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Doctor not deliberately indifferent to detainee

Although a doctor didn’t prescribe opioids to treat a detainee’s chronic kidney stones and pain, the doctor was nevertheless granted summary judgment on the detainee’s deliberate indifference claim. The record showed the doctor was responsive to the detainee’s needs and provided individualized care based on his professional medical judgment.


Daniel L. Gross alleges violations of his rights under the Fourteenth and Eighth Amendments to the Constitution of the United States based on the decision of James R. Dudley MD to not prescribe opioids to treat plaintiff’s chronic kidney stones and pain while incarcerated at the Northern Neck regional jail. This matter is before the court on Dr. Dudley’s motion for summary judgment.


The parties do not dispute that plaintiff’s kidney stones are an objectively serious medical need. However, the parties dispute whether defendant was deliberately indifferent to that medical need. The court finds the record demonstrates that defendant was responsive to plaintiff’s needs and provided individualized care based on his professional medical judgment. As such, no reasonable jury could find defendant was deliberately indifferent to plaintiff’s medical needs.

There was no formulary, policy or practice in place that limited defendant’s ability to prescribe opioids. Defendant was able to prescribe narcotics and, in fact, previously prescribed opioids to other inmates. Thus, there is nothing in the record to suggest defendant did not make a reasoned, individualized medical decision regarding plaintiff’s treatment simply based on policy. Although plaintiff can point to being prescribed opioids for his kidney stones prior to incarceration, the fact that defendant disagreed with his previous physicians and did not prescribe opioids is not sufficient to state a claim of deliberate indifference.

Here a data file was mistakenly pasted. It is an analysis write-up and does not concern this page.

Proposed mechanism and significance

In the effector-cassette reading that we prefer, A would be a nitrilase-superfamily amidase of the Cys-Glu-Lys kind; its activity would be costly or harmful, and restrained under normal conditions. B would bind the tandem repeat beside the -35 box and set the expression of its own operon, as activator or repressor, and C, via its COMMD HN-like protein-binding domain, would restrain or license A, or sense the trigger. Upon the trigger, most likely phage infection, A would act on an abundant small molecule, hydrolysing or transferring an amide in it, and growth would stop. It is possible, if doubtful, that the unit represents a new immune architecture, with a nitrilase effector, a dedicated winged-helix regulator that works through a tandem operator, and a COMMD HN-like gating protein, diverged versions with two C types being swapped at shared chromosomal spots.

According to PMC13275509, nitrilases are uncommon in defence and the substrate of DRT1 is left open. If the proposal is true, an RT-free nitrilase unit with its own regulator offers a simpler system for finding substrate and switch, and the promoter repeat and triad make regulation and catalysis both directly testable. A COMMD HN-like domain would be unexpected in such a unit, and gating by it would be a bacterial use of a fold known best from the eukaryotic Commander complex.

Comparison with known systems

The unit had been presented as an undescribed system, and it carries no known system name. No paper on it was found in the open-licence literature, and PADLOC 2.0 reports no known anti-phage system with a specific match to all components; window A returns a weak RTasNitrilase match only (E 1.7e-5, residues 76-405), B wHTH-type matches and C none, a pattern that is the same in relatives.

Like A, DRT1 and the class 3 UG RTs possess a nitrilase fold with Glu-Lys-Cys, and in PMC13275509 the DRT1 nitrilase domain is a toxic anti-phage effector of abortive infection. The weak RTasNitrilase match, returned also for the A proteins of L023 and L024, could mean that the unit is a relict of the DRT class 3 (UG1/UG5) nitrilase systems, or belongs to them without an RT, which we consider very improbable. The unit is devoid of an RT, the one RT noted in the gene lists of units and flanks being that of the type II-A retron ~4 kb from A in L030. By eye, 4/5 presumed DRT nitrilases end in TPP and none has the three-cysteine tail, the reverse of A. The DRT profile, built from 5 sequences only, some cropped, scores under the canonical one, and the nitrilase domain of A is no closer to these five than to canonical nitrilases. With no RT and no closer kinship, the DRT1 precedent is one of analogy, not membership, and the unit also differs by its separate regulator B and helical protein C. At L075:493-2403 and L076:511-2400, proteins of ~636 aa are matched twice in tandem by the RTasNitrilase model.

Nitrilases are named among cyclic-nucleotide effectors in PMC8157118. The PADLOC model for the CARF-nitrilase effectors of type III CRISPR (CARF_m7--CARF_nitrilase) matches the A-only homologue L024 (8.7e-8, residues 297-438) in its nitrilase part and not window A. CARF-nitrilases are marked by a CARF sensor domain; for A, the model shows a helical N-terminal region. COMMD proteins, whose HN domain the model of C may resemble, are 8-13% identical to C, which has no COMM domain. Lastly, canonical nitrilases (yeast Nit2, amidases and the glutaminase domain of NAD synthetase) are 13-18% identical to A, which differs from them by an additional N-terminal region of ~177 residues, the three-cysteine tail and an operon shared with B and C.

Plaintiff was continually screened and evaluated in the medical department for his kidney stones and complaints of pain. Defendant provided various medication regimens for plaintiff that not only provided several different pain medications utilized at increasing dosages, but also pain medications used in conjunction with other medications to increase the effectiveness of the pain medication.

Defendant continually monitored plaintiff and worked to find objective sources for his pain. Defendant conducted physical examinations, but plaintiff’s presentation was inconsistent with acute and chronic pain. Defendant ordered numerous urinalyses, blood work, and CT scans to assess plaintiff’s renal function and determine if his complaints of pain were the result of complete or partial obstructions due to kidney stones. Defendant encouraged plaintiff to drink fluids, prescribed Vitamin C, lemon juice and special diets to reduce the likelihood of plaintiff developing kidney stones.

Furthermore, plaintiff was referred to a urology specialist, and defendant consulted with them regarding the appropriate treatments for plaintiff. Plaintiff’s urologist also did not prescribe opioid medication for treatment of plaintiff’s kidney stones. Accordingly, defendant did not act in a manner that was in violation of the Constitution.

Qualified immunity

The court finds that the facts as alleged, taken in the light most favorable to plaintiff, do not establish that defendant violated the Constitution through his medical care or treatment plan for plaintiff. Because the court finds that defendant did not violate the Constitution, consideration of whether there was a constitutional right clearly established is unnecessary. Thus, the court finds that defendant is entitled to summary judgment.

Defendant’s motion for summary judgment granted.

Gross v. Dudley, Case No. 3:21-cv-805, Nov. 14, 2022. EDVA at Richmond (Hudson). VLW 022-3-516. 15 pp.

VLW 022-3-516

Virginia Lawyers Weekly